Often times, the master bedroom will be on the second floor. If this is the case, converting main floor space into a bedroom is an option. Installing a full bath on the main floor may be needed if presently there is only a 1/2 bath in this instance. Garage space can be converted to living space as well, although there is additional work that will need to be done to meet building code and ensure safety.
Kitchens can be remodeled to allow for easier accessibility.
Diane: What are the first steps an individual that wants to remain in their home consider taking to prepare for aging in place?
Mike: A home assessment by a Certified Aging-in- Place Specialist is a good place to start.
The CAPS professional will visit the home and discuss the homeowner's specific situation. The CAPS will assess their individual situation, and then explain the options available that will best meet their needs and budget.
Diane: Can you make some inexpensive recommendations that may be helpful to any aging senior now?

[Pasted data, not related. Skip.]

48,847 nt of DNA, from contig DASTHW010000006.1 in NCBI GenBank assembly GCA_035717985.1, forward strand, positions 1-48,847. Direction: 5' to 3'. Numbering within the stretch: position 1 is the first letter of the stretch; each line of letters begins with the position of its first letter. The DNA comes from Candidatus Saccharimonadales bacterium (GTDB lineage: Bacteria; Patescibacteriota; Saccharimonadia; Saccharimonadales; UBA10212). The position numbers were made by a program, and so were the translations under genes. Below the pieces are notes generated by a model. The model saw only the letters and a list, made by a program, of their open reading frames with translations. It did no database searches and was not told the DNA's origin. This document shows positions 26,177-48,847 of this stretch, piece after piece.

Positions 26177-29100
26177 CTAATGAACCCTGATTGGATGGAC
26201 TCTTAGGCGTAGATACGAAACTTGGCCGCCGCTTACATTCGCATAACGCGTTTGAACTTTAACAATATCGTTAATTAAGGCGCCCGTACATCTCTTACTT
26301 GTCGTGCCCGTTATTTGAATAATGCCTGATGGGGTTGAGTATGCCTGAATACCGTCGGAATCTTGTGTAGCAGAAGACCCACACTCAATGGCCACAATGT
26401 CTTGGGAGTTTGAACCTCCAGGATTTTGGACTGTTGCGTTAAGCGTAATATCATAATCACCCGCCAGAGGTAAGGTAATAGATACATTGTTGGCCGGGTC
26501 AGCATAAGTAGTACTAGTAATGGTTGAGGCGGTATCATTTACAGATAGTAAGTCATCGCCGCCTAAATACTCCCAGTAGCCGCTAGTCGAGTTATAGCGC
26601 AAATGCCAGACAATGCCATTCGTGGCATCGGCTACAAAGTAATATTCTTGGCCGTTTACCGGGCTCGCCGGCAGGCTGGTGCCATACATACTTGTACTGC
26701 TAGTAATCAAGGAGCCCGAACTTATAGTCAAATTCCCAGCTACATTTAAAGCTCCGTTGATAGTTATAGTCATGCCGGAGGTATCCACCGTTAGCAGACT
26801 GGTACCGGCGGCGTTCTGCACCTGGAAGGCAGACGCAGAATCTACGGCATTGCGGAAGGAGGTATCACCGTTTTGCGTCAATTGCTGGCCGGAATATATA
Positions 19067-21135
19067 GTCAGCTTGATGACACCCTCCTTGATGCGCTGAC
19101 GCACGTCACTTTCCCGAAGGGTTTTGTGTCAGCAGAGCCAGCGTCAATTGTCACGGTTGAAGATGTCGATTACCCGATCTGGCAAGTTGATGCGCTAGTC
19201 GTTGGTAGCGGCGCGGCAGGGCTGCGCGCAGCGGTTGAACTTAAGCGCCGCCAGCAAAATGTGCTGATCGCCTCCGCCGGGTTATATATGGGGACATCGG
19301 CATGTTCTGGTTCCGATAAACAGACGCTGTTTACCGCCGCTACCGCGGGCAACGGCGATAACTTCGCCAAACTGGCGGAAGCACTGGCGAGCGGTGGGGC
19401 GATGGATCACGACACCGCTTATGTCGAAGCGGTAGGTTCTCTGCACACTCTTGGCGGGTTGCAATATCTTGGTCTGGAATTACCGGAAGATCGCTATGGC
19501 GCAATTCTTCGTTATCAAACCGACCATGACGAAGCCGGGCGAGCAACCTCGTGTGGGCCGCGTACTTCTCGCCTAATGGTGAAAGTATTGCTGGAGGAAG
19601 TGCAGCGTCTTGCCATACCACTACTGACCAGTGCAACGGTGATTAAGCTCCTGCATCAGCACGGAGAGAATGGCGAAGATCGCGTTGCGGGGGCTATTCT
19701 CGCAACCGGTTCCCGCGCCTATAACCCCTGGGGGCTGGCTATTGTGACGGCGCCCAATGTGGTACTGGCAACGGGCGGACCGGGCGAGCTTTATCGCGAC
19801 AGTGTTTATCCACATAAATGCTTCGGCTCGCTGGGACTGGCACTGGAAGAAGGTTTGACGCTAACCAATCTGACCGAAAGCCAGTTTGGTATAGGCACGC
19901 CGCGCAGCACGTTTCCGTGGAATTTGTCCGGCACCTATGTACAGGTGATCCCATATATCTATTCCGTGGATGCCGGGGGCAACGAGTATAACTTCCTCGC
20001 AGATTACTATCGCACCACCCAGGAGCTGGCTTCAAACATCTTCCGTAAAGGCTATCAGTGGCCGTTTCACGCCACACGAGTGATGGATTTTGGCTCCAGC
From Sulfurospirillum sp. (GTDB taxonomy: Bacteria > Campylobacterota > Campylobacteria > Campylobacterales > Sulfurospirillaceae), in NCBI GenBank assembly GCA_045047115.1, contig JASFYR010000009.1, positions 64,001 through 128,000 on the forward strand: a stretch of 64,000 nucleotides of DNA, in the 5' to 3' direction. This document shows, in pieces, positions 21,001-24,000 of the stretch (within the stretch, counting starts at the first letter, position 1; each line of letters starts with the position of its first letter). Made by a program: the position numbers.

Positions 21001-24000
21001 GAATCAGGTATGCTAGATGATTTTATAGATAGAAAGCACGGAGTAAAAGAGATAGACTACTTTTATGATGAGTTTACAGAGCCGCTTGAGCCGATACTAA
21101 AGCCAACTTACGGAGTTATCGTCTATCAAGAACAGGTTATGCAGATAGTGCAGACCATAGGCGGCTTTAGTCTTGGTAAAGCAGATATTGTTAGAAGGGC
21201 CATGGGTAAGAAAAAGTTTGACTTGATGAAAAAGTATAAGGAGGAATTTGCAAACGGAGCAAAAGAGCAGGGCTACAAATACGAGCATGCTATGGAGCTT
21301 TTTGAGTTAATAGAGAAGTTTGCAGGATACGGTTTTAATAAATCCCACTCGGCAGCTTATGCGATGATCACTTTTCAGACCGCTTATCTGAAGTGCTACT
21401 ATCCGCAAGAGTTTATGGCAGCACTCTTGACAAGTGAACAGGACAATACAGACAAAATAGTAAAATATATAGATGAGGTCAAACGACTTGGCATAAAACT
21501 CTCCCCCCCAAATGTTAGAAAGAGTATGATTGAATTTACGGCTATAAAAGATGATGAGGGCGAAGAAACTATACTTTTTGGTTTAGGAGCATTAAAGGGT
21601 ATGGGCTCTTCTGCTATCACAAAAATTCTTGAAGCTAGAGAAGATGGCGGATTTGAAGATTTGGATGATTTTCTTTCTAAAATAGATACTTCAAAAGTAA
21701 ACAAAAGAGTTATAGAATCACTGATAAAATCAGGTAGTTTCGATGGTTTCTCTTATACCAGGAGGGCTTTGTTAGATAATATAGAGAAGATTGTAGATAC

Mike: A raised "comfort height" toilet is important as you age. Grab bars in both the water closet and shower for safety is important as well.
Diane: Most aging seniors live on a fixed income. Are there any “green” modifications that would help to lower heating, air conditioning costs and water usage in the future?
Mike: Many local governments have programs in place, at no charge to seniors, in which a contractor will caulk doors and windows and will do other work to make the house more energy efficient.
Call your local government to find out what programs may be available to you.